Turkey has escalated its rhetoric with regard to the eight Turkish servicemen it wants extradited, insisting that the issue will remain at the core of its differences with Greece.
The servicemen, who Ankara wants to put on trial for their alleged role in the 2016 coup attempt, were released from custody by a Greek court last week.
Turkish Deputy Prime Minister Bekir Bozdag accused Greece again on Monday of protecting “terrorists,” insisting this will impact all aspects of Greek-Turkish relations.
He went on to assert that Greece is trying to glean Turkish military secrets from the servicemen, whom he denounced as lacking any notion of patriotism.
With attacks against Greece featuring prominently in the runup to the June 24 Turkish elections, the leader of the Nationalist Movement Party (MHP), Devlet Bahceli, raised the ante a notch by mocking the reaction in Greece to a campaign video of his party which depicted Cyprus as belonging to Turkey.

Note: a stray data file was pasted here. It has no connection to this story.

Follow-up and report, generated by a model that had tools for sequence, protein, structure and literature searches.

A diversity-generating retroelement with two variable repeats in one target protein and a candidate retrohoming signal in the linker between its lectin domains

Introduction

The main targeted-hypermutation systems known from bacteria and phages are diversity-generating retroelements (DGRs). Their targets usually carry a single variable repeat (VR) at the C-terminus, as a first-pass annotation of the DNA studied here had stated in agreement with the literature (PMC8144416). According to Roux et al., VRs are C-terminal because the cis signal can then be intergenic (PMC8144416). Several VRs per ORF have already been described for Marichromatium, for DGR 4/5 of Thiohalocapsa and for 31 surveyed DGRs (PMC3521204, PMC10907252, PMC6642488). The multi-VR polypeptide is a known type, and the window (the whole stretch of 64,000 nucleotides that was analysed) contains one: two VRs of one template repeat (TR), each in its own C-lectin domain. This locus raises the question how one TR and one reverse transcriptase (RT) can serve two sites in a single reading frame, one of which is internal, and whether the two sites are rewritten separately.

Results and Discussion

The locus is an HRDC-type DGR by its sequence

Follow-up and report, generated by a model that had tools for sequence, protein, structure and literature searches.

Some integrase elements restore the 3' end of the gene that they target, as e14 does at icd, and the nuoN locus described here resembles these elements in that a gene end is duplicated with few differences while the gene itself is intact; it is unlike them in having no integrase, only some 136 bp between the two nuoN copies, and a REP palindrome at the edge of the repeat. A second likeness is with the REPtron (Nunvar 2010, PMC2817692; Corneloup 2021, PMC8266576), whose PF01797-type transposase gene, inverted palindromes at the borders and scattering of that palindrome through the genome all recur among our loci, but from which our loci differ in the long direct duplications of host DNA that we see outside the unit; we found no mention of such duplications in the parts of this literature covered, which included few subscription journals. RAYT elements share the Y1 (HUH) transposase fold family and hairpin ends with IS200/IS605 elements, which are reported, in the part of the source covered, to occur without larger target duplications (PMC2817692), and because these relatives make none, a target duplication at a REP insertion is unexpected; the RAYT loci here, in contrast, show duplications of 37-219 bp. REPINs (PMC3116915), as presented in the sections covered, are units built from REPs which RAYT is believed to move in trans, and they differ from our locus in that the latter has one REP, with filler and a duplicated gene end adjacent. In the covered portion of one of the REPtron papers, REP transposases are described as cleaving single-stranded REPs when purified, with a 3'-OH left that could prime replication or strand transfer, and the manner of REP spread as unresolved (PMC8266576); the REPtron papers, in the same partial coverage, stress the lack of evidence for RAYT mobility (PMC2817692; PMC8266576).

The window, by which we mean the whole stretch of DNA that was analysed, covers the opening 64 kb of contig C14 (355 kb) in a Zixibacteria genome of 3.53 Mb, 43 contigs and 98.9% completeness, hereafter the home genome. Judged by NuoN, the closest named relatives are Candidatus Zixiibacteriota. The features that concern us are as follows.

“Why are they [Greece] upset? How else could we have depicted [Cyprus]. I say again and stress that Cyprus is Turkish. It’s a Turkish homeland and it will remain Turkish,” he said and warned Greece not to play “games” in the Aegean and not to forget what happened in the Greek-Turkish war “when [the Greeks] were thrown into the sea.”
“The will for the Aegean to again become a grave for Greek aspiration is still alive,” he said.
Meanwhile, Turkey continued its policy of air space violation in the Aegean on Monday, when a pair of F-16 fighter jets entered Athens’s Flight Information Region (FIR) over Lemnos and Lesvos on Monday afternoon. The two jets flew over the islet of Lavitha at 24,300 feet and exited Athens’s FIR at 3.59 p.m., east of the island of Rhodes.